Today, I am pleased to announce the outstanding line-up of contributors and endorsers who have now weighed-in on my forthcoming (April 2010) book titled, Ethnic Blends: Mixing Diversity into Your Local Church (Zondervan/Leadership Network). Thanks to all of them for doing so and for helping to create what many believe will be a very useful read and minisrty tool for the increasing numbers of ministry leaders, churches and organziations pursuing the multi-ethnic vision.
In the weeks ahead, leading up to the book's release, I'll be sharing some of their words with you in order to wet your appetite for the project. In the meantime, take a look at who all is involved ...
Co-author: Harry Li (Mosaic Church of Central Arkansas)
Forewords:Erwin Raphael McManus (Mosaic LA) and Dr. Michael Emerson (Rice University)
Contributors: David Anderson (Bridgeway Community Church), Daniel Backens (New Life Providence Church), Dana Baker (Grace Chapel), David Boyd (Jesus Family Centre, Australia), Ed Lee (Mosaic Community Covenant Church), Mike Leonzo (Living Water Community Church), David Nelms (Grace Felowship), Alejandro Mandes (EFCA), Mont Mitchell (Westbrook Community Church), Chris Rice (Duke Divinity School), Pete Scazzero (New Life Fellowship Church), Wayne Schmidt (Kentwood Community Church), Jonathan Seda (Grace Church), Efrem Smith (Sanctuary Covenant Church), Chris Williamson (Strong Tower Bible Church)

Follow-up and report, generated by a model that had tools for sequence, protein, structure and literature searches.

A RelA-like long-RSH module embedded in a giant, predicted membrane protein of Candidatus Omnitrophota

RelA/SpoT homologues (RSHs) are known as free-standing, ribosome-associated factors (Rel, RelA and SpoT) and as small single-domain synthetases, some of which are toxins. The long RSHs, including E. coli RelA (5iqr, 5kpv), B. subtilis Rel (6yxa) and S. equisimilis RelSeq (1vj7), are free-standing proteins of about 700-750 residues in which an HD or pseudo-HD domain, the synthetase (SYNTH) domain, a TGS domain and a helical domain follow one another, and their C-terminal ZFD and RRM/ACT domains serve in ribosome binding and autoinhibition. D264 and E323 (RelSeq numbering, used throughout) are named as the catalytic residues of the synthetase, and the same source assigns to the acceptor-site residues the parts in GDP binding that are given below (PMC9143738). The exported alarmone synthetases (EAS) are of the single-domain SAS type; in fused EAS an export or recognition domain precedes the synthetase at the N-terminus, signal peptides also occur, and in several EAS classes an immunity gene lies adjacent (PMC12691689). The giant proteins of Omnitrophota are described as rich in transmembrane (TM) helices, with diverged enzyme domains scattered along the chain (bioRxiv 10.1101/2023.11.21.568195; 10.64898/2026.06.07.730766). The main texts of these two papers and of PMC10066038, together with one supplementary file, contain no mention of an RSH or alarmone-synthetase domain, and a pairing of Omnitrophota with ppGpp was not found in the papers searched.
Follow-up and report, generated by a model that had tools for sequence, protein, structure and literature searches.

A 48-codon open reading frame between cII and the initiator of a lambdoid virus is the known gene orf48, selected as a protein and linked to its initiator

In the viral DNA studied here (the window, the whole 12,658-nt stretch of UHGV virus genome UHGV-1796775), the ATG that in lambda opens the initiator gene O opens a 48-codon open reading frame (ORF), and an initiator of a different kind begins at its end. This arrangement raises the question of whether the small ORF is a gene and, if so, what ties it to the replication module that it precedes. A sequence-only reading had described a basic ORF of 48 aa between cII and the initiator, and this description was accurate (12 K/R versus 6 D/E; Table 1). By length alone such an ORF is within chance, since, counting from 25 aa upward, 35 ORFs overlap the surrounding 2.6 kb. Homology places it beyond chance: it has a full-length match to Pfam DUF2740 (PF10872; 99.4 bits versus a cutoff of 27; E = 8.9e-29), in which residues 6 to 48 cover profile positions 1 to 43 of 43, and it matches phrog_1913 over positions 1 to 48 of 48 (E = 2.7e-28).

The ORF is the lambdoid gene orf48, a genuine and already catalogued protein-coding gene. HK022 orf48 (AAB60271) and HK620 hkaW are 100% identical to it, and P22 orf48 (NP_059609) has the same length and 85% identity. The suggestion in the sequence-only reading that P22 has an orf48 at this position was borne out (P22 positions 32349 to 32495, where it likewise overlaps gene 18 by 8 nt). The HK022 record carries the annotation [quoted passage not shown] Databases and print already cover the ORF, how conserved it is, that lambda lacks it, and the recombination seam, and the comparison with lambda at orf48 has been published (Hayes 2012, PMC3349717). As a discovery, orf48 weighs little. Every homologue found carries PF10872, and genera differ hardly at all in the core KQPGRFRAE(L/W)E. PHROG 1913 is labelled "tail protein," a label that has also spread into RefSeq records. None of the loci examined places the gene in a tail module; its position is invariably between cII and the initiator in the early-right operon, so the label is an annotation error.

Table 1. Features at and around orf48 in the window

Endorsers:David Anderson (Bridgeway Community Church), Brian Bloye (West Ridge Church), Chad Brennan (Renew Partners), Matt Carter (Austin Stone Community Church), Tom Cheyney (NAMB), DJ Chuang (L2 Foundation), Rodney Cooper (Gordon-Conwell Theological Seminary), Daryl DelHousaye (Phoenix Seminary), Jonathan Falwell (Thomas Road Baptist Churc), Eric Geiger (Christ Fellowship), Ed Gilbreath (Urban Ministries, Inc.), Major Mary Hammerly (Salvation Army), Alan Hirsch (Author/Activist), George Klippines (EFCA), Gerardo Marti (Davidson College), Miles McPherson (The Rock Church), Bruce Menning (RCA), Paul Louis Metzger (Multnomah Biblical Seminary), Larry Osborne (North Coast Church), Soong Chan Rah (North Park Theological Seminary), Ed Stetzer (LifeWay) and George Yancey (University of North Texas)
I was recently contacted by a univeristy professor looking to document the source and timing of the oft quoted statement, "Eleven o'clock on Sunday morning is the most segregated hour of the week."